Cryptocurrency exchange Coincheck admitted that it has become a victim of a security incident in which unknown hackers accessed emails sent to the firm by its customers.
In an official statement, the Tokyo-based firm stated that attackers gained access to DNS records for the coincheck.com domain at the firm’s third-party domain registrar, and altered the records to forward incoming emails to them. It is believed that some emails received between May 31 and June 1, 2020 could be illegally accessed by unauthorized members.
Coincheck stated that compromised mails could have exposed email addresses listed in the recipient and the information listed in the customer’s email, which could later be exploited by cybercriminals. It also said that certain personal information like names, registered address, birth date, phone number, and ID Selfie were exposed in the incident.
While the hackers behind the security incident are unknown, Coincheck clarified that customers’ digital assets are not affected. The company also suspended the remittance of crypto assets temporarily. “Although there is no impact on your assets at this time, we will stop the remittance of crypto assets in our service again, considering the progress of the investigation by the domain registration service operator. Services such as depositing/withdrawing Japanese Yen and receiving/purchasing/selling crypto assets can be used as usual,” Coincheck said.
Coincheck Massive Data Breach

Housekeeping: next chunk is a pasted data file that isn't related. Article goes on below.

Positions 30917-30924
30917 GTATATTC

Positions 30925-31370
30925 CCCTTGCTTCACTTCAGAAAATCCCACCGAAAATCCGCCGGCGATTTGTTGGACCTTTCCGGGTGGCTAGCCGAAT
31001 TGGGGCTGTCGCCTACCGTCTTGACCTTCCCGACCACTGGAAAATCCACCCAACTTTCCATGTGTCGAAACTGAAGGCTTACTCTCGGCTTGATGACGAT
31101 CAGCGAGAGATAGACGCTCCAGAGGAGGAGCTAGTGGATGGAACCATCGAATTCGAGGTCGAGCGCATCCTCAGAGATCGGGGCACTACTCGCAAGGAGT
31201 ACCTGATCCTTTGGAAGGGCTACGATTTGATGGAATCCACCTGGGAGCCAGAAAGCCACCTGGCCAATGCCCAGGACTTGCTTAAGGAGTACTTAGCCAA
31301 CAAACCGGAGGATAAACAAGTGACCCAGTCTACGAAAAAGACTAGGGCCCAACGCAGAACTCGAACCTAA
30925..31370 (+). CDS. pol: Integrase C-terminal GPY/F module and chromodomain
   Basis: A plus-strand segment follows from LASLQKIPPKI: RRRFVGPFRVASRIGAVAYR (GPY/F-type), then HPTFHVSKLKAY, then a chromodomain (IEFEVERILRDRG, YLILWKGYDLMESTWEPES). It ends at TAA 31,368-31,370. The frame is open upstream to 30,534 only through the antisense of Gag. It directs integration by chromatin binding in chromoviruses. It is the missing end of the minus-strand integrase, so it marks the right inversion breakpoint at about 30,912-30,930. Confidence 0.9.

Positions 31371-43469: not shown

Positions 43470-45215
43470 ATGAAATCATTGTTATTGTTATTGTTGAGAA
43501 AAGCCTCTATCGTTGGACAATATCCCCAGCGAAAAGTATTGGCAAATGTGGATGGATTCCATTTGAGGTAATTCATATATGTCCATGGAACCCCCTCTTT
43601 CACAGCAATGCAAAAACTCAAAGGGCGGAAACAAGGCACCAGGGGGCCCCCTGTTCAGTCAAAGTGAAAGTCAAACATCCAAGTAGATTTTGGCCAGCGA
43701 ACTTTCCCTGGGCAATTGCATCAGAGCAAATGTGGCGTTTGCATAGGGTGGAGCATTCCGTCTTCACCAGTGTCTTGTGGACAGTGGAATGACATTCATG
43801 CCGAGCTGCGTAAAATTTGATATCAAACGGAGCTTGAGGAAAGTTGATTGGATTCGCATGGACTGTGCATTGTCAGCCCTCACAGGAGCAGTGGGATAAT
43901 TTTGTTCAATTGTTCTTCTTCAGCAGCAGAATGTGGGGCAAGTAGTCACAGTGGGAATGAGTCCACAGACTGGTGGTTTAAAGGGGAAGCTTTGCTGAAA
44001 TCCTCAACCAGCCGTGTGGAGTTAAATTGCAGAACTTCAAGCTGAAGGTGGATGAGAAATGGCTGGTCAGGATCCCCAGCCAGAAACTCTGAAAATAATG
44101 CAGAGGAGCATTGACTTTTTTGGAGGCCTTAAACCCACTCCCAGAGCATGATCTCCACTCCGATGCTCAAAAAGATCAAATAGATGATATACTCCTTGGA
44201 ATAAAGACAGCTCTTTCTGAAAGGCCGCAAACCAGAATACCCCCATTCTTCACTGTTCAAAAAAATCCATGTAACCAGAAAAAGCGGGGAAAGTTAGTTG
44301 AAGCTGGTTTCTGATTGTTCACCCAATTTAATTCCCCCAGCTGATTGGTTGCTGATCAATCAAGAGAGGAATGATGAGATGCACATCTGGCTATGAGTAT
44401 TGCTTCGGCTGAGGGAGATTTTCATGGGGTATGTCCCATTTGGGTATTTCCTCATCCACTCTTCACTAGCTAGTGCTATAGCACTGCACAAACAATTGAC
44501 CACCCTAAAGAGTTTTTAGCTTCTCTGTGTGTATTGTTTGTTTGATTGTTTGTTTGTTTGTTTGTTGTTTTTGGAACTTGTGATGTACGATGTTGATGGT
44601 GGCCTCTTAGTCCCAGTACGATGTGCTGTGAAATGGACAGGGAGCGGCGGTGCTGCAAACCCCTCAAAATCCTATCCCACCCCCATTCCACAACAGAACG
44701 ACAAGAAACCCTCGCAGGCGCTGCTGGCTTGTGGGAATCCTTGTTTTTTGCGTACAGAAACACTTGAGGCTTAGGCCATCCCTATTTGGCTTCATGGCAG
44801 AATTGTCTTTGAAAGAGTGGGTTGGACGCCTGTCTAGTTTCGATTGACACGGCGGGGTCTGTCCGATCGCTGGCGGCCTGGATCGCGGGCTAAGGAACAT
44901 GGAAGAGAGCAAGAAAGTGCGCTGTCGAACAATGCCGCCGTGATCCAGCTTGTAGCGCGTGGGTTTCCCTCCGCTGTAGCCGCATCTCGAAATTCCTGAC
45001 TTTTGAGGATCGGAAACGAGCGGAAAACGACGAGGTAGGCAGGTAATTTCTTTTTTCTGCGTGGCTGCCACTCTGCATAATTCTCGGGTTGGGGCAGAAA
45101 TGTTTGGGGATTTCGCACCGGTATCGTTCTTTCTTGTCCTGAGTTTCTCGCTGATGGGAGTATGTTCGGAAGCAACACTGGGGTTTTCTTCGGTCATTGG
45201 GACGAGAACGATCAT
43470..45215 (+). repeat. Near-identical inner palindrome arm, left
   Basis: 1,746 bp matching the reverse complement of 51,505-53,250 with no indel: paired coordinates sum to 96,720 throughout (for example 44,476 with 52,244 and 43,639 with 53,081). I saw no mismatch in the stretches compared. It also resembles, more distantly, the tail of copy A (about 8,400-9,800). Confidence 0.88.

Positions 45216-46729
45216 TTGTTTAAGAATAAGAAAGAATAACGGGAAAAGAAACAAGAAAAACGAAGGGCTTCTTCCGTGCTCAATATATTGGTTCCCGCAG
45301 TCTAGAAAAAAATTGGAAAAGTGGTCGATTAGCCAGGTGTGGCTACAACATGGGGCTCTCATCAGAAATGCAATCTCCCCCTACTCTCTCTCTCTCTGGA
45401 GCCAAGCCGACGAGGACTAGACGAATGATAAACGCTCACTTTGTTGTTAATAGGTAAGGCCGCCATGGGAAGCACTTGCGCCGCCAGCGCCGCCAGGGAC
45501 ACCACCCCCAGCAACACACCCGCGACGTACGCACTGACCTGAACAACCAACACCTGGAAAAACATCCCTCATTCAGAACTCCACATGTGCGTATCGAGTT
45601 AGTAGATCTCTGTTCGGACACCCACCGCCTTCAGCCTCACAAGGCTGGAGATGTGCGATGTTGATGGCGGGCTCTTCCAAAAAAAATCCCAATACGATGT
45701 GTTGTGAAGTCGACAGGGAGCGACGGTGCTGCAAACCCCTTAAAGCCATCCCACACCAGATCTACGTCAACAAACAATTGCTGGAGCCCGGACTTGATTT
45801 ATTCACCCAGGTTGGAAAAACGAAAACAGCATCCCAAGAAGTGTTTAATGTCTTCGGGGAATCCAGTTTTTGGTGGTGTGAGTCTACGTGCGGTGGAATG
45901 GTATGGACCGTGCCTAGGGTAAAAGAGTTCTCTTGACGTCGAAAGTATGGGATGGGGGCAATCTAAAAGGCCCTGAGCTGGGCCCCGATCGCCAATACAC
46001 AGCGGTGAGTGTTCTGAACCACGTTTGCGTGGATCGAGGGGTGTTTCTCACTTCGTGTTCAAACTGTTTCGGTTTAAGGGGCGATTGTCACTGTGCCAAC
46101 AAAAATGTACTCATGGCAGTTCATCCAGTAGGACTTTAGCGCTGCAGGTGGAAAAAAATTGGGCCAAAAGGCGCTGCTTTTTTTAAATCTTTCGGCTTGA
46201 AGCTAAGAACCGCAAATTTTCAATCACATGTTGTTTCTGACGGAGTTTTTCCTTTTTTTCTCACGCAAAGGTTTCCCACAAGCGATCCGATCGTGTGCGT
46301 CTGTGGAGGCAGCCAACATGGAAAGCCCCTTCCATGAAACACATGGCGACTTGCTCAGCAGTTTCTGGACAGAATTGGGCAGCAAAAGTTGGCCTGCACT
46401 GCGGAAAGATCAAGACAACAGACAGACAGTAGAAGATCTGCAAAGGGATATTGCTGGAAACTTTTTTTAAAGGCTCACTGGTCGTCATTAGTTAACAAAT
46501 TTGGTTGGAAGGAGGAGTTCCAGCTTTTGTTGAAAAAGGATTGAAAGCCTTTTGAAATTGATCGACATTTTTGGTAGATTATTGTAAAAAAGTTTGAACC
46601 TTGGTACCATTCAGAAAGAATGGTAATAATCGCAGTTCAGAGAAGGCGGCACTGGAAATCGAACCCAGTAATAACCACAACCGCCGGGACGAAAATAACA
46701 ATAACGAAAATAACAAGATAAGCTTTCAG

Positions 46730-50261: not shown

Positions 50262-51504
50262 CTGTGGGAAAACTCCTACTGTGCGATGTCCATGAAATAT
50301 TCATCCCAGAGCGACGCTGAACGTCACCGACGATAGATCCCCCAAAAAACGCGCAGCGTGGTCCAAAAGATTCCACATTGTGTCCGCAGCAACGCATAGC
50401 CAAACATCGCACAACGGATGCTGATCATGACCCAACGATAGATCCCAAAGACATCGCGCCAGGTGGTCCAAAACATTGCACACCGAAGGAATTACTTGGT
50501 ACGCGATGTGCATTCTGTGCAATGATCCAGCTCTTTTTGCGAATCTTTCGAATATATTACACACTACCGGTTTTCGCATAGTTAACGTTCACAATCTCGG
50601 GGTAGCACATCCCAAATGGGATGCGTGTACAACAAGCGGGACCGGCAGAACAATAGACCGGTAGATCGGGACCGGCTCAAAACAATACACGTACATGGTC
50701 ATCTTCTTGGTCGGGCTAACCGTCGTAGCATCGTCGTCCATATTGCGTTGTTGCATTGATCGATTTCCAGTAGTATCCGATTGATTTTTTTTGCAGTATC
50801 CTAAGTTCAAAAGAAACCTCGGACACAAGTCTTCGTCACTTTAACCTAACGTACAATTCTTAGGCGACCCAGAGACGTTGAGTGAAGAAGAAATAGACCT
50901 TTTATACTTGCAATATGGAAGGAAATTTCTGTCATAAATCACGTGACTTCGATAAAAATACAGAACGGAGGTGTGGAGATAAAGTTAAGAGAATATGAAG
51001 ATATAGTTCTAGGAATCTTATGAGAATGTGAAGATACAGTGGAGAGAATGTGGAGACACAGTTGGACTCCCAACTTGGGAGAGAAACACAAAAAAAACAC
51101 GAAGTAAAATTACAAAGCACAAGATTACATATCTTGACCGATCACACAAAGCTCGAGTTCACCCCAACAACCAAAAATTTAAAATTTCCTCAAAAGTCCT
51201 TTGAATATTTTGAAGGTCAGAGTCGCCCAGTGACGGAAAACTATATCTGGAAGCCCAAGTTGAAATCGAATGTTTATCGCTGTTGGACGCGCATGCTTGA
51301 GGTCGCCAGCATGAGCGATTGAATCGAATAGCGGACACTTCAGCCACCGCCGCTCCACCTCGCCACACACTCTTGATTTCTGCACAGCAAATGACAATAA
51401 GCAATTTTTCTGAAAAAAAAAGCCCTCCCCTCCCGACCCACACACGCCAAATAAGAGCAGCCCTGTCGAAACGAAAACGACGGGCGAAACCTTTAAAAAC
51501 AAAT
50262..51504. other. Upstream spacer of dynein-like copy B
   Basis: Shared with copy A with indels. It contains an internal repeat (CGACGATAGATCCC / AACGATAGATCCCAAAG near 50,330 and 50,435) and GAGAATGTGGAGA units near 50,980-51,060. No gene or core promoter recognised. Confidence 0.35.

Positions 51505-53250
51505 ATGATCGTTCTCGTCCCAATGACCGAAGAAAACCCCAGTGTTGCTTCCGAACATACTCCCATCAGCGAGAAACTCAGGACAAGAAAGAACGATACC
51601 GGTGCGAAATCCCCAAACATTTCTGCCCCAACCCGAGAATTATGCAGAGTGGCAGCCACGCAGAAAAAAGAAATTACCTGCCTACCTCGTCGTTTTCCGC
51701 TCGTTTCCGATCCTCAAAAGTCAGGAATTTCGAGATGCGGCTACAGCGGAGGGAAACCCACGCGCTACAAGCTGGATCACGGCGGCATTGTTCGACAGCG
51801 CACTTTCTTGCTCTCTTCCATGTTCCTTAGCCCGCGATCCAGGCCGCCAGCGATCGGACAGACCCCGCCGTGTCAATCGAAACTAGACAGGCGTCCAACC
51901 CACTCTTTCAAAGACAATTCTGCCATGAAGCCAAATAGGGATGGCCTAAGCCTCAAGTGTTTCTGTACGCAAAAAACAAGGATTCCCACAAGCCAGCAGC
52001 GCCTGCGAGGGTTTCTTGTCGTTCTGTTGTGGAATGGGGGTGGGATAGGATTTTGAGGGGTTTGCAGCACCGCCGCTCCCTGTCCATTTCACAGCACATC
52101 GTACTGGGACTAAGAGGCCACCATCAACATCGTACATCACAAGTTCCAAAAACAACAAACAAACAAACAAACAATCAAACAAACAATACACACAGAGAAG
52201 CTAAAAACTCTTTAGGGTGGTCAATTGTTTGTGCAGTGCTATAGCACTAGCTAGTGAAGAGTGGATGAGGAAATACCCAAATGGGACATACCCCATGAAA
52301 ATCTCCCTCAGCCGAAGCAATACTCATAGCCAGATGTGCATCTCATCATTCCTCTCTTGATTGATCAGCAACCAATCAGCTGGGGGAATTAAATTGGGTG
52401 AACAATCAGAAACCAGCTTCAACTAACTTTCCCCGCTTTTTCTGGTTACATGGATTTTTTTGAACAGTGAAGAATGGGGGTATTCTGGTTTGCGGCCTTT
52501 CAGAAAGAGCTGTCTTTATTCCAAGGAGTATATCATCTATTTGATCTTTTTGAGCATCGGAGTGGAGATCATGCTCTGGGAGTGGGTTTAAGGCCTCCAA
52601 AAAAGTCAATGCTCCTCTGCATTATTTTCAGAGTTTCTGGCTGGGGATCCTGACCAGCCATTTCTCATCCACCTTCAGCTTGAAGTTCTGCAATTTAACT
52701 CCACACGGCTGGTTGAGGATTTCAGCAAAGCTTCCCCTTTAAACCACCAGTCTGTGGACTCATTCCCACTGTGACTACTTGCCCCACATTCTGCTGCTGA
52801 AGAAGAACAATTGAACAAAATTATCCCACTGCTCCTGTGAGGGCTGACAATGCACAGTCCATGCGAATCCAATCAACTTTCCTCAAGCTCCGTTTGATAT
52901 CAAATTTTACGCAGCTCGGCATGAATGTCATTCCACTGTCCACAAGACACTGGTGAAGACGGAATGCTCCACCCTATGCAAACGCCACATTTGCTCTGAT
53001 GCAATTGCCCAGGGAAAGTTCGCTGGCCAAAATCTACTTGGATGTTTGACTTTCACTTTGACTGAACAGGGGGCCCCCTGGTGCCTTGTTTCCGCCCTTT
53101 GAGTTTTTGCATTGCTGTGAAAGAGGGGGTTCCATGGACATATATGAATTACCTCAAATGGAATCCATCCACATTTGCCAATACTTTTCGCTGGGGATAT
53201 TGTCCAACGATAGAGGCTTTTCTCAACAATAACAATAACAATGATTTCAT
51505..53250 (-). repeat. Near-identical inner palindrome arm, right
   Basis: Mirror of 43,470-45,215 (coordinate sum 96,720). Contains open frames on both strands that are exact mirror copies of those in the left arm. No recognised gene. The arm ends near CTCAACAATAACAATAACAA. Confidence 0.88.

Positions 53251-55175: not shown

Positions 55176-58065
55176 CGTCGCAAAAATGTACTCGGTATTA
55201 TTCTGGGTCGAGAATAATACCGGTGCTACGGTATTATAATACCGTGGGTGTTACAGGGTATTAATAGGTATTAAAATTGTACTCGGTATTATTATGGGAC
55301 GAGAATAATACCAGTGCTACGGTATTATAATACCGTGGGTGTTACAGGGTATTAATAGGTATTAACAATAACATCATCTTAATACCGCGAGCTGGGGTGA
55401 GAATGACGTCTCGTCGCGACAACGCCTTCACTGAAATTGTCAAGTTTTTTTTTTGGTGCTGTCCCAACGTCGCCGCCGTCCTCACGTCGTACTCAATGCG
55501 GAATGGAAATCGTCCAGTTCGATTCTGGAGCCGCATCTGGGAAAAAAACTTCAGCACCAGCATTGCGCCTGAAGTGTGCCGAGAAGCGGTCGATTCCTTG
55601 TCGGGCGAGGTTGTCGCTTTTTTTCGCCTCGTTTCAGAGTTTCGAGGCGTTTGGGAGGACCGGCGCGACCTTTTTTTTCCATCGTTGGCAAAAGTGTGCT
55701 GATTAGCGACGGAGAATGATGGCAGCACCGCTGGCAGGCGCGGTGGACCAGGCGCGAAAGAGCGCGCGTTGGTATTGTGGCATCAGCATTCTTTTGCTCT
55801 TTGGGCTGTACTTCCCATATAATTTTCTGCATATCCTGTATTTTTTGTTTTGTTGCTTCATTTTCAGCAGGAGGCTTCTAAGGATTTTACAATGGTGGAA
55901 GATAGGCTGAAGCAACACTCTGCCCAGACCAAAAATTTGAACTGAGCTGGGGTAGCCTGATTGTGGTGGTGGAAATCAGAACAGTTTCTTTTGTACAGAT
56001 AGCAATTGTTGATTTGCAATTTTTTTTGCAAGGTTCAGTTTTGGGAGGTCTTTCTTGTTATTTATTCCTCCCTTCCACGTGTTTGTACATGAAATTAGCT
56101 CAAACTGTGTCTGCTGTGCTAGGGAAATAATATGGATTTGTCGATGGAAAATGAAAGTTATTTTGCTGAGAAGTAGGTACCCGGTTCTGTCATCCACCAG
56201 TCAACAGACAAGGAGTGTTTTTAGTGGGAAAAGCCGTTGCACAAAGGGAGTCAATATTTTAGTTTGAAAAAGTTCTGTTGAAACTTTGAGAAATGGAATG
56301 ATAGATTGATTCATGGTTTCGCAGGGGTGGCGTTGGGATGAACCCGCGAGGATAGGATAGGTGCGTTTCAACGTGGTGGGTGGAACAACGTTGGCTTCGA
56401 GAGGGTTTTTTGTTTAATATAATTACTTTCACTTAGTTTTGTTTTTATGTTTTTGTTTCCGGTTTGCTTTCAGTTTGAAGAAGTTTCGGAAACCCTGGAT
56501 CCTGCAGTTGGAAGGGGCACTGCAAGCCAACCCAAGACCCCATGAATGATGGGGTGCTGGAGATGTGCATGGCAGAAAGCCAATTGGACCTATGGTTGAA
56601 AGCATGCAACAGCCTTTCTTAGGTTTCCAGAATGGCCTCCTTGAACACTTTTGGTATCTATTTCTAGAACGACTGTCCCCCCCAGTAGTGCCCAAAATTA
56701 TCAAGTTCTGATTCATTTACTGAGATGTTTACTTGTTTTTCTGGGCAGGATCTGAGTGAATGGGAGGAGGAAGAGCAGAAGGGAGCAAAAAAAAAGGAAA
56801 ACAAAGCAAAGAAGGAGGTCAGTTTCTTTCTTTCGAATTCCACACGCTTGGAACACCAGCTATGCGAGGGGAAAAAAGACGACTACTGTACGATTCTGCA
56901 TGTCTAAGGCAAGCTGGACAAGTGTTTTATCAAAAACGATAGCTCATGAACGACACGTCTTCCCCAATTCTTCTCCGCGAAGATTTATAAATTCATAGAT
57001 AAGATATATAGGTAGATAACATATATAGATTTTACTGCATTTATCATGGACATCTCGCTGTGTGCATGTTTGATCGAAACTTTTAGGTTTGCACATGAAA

Earlier, in a major cryptocurrency heist, Coincheck lost 58 billion yen ($530 million) after hackers compromised its exchange platform. According to Reuters, the digital coins were stored in a hot wallet instead of the more secure cold wallet, which is not connected to the internet. Coincheck assured that it would return about 90% with internal funds. Japan’s finance regulator Financial Services Agency instructed the company to improve its operations and to submit an incident report.
Surge in Cryptocurrency Crimes
According to a report from U.S. based blockchain security firm CipherTrace, the cryptocurrency industry experienced a huge surge in thefts and frauds in 2019. In its “2019 Cryptocurrency Anti-Money Laundering (AML)” report, CipherTrace revealed that cryptocurrency crimes across the world hit over $4.3 billion in 2019. The report stated that hackers are using sophisticated methods to beat even advanced cybersecurity measures. It also highlighted that cybercriminals robbed around $125 million in Ethereum, Bitcoin, and other digital currencies from different cryptocurrency exchanges in Q2 2019.